The judge in Drew Peterson's murder trial handed prosecutors a legal victory Tuesday by giving them the go-ahead to introduce evidence in coming days that the former suburban Chicago police officer sought to hire a hit man to kill his third wife for $25,000.
Prosecutors allege Peterson, now 58, ended up killing his third wife, Kathleen Savio, himself in 2004. They want to bring up the hit-man evidence in an effort to show Peterson had thought about killing Savio at least months before she was found dead in her bathtub.
Attorneys for the state didn't list the hit-man allegation on appropriate pre-trial documents — apparently as an oversight — and defense attorneys had argued in vain that prosecutors shouldn't be allowed to correct that mistake a month into the trial.
The ruling came as prosecutors entered the homestretch of their presentation to jurors — now in its fourth week. The lead prosecutor, Will County State's Attorney James Glasgow, told reporters as he left the Joliet courthouse that the state could rest as soon as Friday.
Prosecutors' only witness Tuesday was pathologist Mary Case, who testified that a 2-inch gash on the back of Savio's head could not have caused her to pass out. That counters defense suggestions that Savio slipped in her bathtub, hit her head, lost consciousness and drowned.
As Case spoke, prosecutors projected autopsy photos of Savio's head with the top half of her skull cut away and some jurors shifted uncomfortably in their seats.
The wound penetrated the thick layer of skin around the skull, Case told jurors, but caused no damage to the brain.
"There was no brain trauma ... no internal brain injury that would have caused a loss of consciousness," Case said.
Case is one of several forensic experts to testify as prosecutors seek to prove that Savio was murdered. Her death was initially ruled an accident but was reclassified a homicide in 2007 after Peterson's fourth wife, Stacy Peterson, went missing in 2007. Peterson, a former Bolingbrook sergeant, is a suspect in his fourth wife's disappearance but hasn't been charged in her case.
Case said Savio would have had to fall hard three separate times to account for deep bruises on the front of her body and the injury to the back of her head. But the judge upheld a defense objection about that comment and told jurors to disregard it.
Prosecutors have no physical evidence tying Peterson to Savio's death, so they have endeavored to build a circumstantial case against Peterson, who has pleaded not guilty to first-degree murder. Prosecutors hope jurors will conclude that the only plausible explanation for Savio's death is that Peterson killed her.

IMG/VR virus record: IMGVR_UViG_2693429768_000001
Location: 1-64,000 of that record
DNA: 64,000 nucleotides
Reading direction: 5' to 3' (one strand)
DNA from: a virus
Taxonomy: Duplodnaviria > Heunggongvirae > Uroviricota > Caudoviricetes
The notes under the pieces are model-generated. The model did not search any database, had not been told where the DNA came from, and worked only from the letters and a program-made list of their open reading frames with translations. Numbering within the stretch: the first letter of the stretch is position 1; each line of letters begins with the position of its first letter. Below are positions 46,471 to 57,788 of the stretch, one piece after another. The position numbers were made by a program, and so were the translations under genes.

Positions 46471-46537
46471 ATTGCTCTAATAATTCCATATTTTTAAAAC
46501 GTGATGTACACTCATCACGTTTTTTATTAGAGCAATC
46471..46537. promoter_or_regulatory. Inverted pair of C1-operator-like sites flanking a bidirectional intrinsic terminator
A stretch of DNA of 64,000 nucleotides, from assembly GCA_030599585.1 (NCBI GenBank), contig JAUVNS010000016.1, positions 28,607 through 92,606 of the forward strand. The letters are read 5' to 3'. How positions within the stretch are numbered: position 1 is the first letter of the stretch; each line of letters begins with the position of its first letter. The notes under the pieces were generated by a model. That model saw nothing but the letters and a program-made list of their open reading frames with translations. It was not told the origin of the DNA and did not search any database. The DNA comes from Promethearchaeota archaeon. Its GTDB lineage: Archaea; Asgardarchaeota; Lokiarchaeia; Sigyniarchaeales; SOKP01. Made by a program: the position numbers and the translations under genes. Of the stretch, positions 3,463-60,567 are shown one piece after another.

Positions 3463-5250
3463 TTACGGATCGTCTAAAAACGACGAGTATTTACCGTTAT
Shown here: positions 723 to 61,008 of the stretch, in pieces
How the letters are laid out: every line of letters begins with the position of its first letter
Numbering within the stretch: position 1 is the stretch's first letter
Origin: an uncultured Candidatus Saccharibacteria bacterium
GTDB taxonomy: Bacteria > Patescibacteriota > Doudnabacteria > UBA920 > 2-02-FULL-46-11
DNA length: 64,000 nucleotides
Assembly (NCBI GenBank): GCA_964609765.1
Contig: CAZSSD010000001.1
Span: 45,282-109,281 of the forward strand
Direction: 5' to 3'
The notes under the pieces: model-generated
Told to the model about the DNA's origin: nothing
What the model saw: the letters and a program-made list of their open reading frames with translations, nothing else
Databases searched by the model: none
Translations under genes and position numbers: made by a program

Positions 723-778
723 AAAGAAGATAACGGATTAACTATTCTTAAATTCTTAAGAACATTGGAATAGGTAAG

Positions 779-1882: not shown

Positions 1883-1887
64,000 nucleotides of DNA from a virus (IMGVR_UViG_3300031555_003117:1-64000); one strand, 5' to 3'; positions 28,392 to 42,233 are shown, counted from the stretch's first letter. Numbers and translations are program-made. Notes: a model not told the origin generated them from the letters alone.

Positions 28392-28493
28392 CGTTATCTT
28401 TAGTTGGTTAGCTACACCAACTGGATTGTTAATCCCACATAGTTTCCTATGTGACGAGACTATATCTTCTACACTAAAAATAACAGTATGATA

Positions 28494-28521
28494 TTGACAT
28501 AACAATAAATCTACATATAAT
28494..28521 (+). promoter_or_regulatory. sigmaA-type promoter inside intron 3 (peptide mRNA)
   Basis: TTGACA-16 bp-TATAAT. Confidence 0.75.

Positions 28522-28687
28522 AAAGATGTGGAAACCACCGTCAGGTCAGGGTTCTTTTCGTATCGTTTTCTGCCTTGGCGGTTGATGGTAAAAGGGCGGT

The hit-man testimony could help make that argument.
Judge Edward Burmila previously had not allowed the hit-man allegation to be raised in front of jurors, but he ruled Tuesday that prosecutors could introduce the evidence for a narrow purpose.
"The issue is not whether he wanted to hire a hit man," he said. "The issue is: Did the defendant intend to kill his wife? ... This evidence goes to that matter."
When lead prosecutor James Glasgow touched on the hit-man accusation in his opening statement, the defense asked for a mistrial. At the time, Burmila agreed the state shouldn't have strayed into that topic and he told jurors to disregard it.
Burmila's ruling on Tuesday means prosecutors can call as a witness Jeff Pachter, who worked with Peterson at a cable company where he moonlighted. Pachter previously accused Peterson of offering him $25,000 in late 2003 to hire a killer.
At a 2010 hearing, Pachter testified that — as the two rode in Peterson's squad car — Peterson asked if he could find someone to "have his third wife taken care of." Pachter said he took that to mean he wanted her murdered, though Peterson didn't use that word.
Pachter said he didn't take Peterson's offer seriously, saying he simply responded, "OK," but did nothing about it.
Pachter hadn't heard about Savio's death in March 2004 until he telephoned Peterson the following July about another matter. He said Peterson told him during the call that, "By the way, the favor that I asked you, I don't need it anymore."